In addition to these large anti-aircraft missiles, the Yugoslav Air Force air defense units were also said to employ the tactical SA-9 and 13, which employ the same missile -- the first is mounted on a wheeled chassis, the second on a tracked chassis. Other reports also suggested the presence of the tactical SA-14 and SA-15 systems, although the inventory and operational capabilities of these forces at that time were highly uncertain based on unclassified sources. A variety of single-shot shoulder-launched man-portable short-range systems, such as the SA-7, SA-16 and SA-18 were also reported in the Serbian inventory. These missiles are similar to the US Stinger and the UK Blowpipe/Javelin, and the SA-16 and SA-18 are the latest and most capable.
Reports of the deployment of the modern SA-10 air defense missile remain unconfirmed. Considerable variation exists between the reported destination countries of exported Soviet air defense missiles, and the reported inventory of such missiles in Serbia [which is seldom mentioned as a destination for missiles that other reports claim it employs]. In early October 1998, it was reported that Russia had supplied Serbia with additional air defense equipment, in violation of the arms embargo. According to these reports, the Serbs acquired new warheads, fuses and radars for their mobile SA-6 missiles, giving them an extended engagement range.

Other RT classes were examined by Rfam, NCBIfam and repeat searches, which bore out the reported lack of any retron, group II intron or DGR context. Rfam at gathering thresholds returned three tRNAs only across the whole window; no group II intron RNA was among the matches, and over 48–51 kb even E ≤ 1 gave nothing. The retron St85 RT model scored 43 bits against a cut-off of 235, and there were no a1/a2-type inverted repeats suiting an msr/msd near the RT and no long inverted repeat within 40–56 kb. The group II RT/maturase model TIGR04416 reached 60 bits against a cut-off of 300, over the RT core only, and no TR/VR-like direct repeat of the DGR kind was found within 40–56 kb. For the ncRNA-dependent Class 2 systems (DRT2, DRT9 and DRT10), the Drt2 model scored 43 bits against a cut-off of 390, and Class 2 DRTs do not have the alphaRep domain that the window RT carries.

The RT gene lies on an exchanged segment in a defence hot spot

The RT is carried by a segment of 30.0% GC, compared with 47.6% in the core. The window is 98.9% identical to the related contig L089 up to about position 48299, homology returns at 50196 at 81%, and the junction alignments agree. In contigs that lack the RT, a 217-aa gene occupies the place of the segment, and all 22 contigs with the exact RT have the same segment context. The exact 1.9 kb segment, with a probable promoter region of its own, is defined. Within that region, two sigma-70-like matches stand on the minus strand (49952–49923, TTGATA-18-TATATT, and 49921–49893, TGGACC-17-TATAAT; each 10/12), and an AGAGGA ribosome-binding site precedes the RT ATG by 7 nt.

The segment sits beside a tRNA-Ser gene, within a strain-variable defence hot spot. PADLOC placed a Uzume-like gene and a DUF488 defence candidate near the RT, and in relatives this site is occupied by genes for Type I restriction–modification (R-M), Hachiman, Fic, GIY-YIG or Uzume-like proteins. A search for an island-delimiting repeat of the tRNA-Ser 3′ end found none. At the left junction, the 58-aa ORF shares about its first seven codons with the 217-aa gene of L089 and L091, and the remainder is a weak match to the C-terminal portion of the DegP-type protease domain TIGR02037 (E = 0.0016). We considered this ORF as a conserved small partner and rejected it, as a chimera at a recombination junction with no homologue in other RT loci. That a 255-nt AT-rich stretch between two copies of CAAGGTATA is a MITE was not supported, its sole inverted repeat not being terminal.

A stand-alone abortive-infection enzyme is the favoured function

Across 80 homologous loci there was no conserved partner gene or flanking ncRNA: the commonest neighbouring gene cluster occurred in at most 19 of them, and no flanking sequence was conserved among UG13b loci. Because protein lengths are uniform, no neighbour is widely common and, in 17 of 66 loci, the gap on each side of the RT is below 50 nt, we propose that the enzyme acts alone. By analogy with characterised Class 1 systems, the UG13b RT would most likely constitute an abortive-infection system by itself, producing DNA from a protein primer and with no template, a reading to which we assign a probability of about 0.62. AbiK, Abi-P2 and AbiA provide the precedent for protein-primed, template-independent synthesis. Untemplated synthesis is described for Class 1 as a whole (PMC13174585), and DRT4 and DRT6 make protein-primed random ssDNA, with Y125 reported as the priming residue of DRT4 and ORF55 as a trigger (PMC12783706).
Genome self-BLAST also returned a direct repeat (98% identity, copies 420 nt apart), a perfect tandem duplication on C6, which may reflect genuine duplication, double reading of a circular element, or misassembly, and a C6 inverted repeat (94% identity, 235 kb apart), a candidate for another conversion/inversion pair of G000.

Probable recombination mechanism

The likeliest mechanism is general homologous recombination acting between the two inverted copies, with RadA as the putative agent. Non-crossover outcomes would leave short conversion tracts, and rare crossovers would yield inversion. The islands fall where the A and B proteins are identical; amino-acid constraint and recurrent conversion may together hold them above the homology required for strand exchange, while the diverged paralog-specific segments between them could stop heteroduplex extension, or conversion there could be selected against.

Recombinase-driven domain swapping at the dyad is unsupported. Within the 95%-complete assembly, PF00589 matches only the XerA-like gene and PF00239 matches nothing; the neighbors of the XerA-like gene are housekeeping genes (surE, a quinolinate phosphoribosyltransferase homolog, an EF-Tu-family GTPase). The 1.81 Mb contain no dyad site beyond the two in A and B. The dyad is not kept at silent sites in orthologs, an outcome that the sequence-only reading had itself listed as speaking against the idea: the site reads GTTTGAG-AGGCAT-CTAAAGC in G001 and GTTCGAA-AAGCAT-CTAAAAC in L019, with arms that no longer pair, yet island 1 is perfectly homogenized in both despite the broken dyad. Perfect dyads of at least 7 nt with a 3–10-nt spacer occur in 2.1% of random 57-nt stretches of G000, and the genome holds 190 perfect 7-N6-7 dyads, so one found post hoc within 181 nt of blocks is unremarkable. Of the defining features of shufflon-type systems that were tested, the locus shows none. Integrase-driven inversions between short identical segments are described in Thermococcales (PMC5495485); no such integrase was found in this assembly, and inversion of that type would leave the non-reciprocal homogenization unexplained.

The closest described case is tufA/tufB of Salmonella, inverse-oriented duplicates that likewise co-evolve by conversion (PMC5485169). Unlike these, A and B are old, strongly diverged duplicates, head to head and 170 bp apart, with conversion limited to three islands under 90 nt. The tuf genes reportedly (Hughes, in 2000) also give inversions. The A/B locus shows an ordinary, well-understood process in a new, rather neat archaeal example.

Serbian Air Defense Missiles
|Missile||Range - km||Launcher
|SA-11||GADFLY||9K37M1 BUK-1M||28 km||? some|
|SA-3||GOA||ZRK S-125 Neva||20 km||60|
|SA-15||GAUNTLET||9K331 Tor||12 km||some|
|SA-13||GOPHER||ZRK-BD Strela-10||5 km||numerous|
|SA-9||GASKIN||9K31 Strela-1||4 km||numerous|
|SA-14||GREMLIN||9K34 Strela-3||4 km||numerous|
The Dayton agreement stipulated limited the number of heavy weapons of the Yugoslav armed forces. As of early 1998, the Air Force had 155 planes and 55 fire-support helicopters as well as another 165 transport, rescue, and other helicopters. In general, the Air Force is largely equipped with obsolete weapons and equipment, since the international community has succeeded in halting the receipt of spare parts for airplanes, modern radars, and other weapons.
The Pristina Corps was supported in Kosovo by the 83rd Air Force Brigade, stationed at its base in Goles near Pristina. One of the two existing interceptor aircraft units, it consists of two MiG 21 squadrons. Air Force operations have been limited to deterrent low overflights by airplanes and helicopters.